Working in a company is very different from academia because sometimes you do not enjoy the freedom of expressing your ideas in the industry. Industries mostly focus on profitable projects.
Italy has a good network of the world-class universities and the scientific quality seems satisfactory. But the salaries are quite low. Therefore I recommend that postdocs come with their own grant or apply to European Commission-funded project positions (EC salaries are very high). Of course, you get enough salary to survive because living expenses are low.
I miss my family and friends. The two places in this world I like most are: my home town Powayan, a small town in Uttar Pradesh, and Helsinki. The joy of roaming around with friends during evenings in India is unmatched. I plan to come back to India some day but still have no idea when that day will come. I will start looking for positions in my country 2-3 years later.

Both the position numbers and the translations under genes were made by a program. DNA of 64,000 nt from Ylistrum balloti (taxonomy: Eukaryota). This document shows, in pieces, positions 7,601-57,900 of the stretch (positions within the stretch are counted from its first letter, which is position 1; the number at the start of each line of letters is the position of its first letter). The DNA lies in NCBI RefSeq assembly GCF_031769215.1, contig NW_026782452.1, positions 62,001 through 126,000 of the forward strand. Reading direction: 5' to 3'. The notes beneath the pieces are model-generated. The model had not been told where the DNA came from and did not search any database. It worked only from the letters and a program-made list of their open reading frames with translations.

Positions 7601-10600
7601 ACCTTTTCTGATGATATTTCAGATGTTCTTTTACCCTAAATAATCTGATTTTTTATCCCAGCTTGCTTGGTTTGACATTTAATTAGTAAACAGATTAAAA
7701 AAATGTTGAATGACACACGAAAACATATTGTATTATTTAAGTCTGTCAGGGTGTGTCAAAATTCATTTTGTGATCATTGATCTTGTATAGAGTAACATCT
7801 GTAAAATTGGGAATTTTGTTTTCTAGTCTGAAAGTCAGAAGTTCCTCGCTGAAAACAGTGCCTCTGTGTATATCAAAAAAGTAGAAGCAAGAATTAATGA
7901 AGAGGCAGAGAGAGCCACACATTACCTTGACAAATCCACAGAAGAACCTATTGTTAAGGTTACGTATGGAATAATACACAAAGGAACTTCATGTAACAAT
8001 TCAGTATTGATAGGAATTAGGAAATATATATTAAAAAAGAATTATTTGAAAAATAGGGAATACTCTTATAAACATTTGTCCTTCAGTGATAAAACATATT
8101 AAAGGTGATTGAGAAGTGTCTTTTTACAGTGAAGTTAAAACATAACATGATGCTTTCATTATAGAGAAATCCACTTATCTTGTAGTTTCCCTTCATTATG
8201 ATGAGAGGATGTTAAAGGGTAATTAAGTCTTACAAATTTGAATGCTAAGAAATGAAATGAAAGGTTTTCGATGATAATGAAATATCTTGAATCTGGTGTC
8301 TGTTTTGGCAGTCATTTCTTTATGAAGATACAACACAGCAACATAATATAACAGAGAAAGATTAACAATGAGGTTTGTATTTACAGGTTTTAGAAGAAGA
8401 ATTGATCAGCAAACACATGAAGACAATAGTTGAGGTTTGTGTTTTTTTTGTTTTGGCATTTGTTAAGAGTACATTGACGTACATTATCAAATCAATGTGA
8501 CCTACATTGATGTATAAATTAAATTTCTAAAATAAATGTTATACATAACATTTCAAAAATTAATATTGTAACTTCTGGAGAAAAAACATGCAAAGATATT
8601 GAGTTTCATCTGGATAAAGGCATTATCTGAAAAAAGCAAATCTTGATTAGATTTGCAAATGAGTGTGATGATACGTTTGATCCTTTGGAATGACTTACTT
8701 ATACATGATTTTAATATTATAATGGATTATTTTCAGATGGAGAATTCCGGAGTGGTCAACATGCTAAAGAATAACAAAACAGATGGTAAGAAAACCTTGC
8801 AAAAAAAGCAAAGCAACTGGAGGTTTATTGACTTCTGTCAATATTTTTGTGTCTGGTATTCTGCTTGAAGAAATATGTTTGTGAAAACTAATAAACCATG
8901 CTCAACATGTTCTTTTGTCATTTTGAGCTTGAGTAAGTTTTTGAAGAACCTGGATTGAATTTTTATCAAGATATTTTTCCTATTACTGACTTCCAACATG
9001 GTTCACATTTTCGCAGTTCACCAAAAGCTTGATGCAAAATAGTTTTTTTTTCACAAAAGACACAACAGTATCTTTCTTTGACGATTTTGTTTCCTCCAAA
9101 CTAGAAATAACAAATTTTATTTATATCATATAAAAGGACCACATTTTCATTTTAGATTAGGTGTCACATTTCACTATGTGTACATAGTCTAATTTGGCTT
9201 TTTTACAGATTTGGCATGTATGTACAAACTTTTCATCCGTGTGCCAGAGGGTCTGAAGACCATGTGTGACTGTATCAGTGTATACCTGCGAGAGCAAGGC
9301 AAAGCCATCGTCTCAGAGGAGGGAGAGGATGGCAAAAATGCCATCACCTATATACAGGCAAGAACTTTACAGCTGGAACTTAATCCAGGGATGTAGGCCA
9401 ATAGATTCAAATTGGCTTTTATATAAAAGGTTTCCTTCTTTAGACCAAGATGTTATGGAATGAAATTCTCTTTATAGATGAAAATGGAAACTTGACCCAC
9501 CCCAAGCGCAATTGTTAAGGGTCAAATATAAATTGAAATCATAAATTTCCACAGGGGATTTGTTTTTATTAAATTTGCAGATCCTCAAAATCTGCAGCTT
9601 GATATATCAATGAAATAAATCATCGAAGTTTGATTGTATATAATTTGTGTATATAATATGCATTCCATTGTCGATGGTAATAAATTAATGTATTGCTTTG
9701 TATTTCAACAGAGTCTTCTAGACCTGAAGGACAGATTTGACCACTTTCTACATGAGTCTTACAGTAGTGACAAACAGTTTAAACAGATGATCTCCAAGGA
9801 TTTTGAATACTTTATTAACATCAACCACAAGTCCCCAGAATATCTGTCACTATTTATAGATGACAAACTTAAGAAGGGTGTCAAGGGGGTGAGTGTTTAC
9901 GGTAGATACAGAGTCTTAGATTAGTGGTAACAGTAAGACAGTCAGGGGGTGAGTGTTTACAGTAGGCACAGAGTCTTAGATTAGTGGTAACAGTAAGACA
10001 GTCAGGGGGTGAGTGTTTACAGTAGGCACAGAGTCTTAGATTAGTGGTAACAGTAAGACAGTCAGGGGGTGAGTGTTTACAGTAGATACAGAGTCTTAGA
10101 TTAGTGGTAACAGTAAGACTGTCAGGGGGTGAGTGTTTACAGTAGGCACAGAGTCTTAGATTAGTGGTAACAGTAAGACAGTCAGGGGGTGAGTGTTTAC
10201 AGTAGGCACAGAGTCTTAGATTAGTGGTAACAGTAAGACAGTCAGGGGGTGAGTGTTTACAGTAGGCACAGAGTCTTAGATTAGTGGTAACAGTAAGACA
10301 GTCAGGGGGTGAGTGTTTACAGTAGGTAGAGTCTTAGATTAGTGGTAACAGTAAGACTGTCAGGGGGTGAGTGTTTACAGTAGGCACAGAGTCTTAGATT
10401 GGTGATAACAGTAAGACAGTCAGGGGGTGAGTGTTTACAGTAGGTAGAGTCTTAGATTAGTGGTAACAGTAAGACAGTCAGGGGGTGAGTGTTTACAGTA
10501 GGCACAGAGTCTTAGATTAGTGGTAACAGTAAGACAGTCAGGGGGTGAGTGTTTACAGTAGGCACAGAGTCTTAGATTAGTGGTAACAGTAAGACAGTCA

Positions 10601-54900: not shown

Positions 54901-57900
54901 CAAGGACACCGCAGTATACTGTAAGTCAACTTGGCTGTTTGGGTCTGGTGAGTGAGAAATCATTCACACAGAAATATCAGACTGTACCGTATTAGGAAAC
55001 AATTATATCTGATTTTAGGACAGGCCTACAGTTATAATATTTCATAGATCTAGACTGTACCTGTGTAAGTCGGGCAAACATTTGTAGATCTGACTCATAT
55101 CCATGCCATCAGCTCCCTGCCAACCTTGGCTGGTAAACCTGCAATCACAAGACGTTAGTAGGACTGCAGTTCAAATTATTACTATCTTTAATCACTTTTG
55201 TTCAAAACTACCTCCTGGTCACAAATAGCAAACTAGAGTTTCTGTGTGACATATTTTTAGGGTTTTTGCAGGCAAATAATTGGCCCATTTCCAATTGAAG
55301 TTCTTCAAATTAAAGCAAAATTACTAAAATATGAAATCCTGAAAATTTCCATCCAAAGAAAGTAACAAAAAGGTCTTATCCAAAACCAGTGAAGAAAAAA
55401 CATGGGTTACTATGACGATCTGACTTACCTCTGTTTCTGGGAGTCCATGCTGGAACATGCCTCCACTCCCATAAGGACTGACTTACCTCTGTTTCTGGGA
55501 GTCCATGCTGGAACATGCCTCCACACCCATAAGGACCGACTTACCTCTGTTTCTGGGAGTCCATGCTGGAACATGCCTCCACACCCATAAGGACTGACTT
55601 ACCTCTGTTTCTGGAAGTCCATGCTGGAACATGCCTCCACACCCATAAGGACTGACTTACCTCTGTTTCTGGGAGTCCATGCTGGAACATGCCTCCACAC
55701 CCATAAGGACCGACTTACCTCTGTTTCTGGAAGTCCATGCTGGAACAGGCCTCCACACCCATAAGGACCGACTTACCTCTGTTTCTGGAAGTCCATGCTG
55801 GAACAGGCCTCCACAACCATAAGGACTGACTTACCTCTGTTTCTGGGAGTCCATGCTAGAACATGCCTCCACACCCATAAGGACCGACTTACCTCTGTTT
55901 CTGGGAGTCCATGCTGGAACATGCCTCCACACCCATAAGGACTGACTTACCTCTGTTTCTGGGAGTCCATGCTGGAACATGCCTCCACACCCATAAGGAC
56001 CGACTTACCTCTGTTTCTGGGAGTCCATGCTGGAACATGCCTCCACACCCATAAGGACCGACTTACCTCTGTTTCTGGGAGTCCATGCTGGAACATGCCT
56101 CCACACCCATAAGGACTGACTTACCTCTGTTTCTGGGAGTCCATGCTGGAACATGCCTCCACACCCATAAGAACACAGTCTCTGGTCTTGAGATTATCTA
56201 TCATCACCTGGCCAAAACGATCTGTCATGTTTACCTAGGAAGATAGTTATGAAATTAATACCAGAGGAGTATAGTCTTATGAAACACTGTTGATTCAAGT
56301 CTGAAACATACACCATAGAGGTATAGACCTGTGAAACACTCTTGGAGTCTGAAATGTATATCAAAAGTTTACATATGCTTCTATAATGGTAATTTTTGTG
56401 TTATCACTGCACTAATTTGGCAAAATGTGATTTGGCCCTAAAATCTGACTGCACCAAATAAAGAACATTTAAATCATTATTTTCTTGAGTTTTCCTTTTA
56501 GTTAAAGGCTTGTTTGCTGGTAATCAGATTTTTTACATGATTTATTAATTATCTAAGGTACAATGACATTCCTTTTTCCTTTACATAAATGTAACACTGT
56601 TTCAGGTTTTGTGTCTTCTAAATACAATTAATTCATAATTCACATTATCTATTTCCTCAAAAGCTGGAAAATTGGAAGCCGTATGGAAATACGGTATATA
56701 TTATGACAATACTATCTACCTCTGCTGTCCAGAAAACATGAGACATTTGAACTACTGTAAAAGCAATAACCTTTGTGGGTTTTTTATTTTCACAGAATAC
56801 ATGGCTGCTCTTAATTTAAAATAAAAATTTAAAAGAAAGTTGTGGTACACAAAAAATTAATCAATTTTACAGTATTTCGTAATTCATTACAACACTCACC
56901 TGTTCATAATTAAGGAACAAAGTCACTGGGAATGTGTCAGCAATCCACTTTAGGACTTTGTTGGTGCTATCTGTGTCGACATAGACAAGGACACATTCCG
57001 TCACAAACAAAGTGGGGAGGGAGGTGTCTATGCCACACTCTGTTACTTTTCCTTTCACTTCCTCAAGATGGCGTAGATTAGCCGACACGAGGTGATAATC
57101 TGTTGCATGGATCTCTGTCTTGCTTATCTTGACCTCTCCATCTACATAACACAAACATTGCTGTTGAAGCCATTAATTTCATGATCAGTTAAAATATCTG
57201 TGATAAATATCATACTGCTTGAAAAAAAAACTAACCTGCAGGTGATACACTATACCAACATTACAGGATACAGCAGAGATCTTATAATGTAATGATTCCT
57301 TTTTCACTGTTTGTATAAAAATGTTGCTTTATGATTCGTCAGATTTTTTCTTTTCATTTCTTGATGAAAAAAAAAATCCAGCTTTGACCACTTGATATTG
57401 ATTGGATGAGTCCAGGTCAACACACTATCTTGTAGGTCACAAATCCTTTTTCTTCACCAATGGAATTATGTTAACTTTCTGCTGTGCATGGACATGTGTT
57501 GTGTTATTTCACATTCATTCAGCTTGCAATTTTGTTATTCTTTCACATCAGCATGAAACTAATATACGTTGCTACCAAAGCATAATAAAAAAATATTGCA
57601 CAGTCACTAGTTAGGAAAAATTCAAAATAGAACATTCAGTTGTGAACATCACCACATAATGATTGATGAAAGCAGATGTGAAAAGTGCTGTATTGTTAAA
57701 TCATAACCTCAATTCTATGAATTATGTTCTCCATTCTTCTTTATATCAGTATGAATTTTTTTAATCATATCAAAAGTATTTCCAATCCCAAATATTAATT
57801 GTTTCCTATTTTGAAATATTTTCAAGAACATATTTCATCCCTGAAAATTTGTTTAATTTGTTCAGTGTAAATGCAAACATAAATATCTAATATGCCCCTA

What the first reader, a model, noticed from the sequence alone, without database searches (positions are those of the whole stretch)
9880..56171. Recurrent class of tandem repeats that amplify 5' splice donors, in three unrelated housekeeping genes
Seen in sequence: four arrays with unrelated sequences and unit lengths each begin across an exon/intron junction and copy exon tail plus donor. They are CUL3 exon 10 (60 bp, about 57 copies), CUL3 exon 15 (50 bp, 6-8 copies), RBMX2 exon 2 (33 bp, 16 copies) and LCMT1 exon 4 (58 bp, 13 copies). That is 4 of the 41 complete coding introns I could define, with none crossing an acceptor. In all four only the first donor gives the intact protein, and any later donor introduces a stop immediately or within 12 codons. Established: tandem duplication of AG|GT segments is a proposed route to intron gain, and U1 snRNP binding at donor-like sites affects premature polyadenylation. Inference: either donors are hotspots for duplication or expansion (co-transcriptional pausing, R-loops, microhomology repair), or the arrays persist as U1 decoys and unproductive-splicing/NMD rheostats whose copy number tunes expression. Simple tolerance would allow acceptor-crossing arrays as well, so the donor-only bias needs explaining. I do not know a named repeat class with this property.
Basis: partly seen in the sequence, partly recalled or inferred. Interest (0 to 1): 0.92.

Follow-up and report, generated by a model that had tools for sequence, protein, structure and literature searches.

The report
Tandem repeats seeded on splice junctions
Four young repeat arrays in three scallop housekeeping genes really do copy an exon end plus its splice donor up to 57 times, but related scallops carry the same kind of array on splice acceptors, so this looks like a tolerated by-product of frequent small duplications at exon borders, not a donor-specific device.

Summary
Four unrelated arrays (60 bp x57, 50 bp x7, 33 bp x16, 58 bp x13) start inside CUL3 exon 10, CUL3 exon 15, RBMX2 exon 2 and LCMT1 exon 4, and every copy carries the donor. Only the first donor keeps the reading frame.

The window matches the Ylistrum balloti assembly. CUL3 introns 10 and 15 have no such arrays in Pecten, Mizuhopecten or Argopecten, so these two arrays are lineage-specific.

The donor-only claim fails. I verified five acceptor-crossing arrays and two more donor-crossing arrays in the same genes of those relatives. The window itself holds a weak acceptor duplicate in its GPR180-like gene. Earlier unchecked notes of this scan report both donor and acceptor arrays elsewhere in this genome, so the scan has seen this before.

The work culture in India is not yet favorable for science and scientists. I believe that we have enough funding and infrastructure for science but political disinterest is destroying our scientific zeal.
Tips for postdocs
It’s always wise to start looking for postdoc/job positions at least one year before your thesis completion. According to my experience, following points should be kept in mind:
- Set your goals before starting your application for a position. You have to decide where you want to pursue your career, in academia or industry.
- In industry there are many advantages over academia e.g. better salary, no need to worry about funding or writing a grant application, more networking.
- Try to get your own funding. Marie-Curie Fellowships by EC, European Molecular Biology Organization (EMBO), Humboldt Research Fellowship and the Human Frontier Science Program (HFSP) are good grants. These fellowships in a researcher’s CV can open many doors in future.
- Communication skills are a great asset for a scientist. Start attending conferences in the last year of your PhD. This will allow you to network well in the scientific community.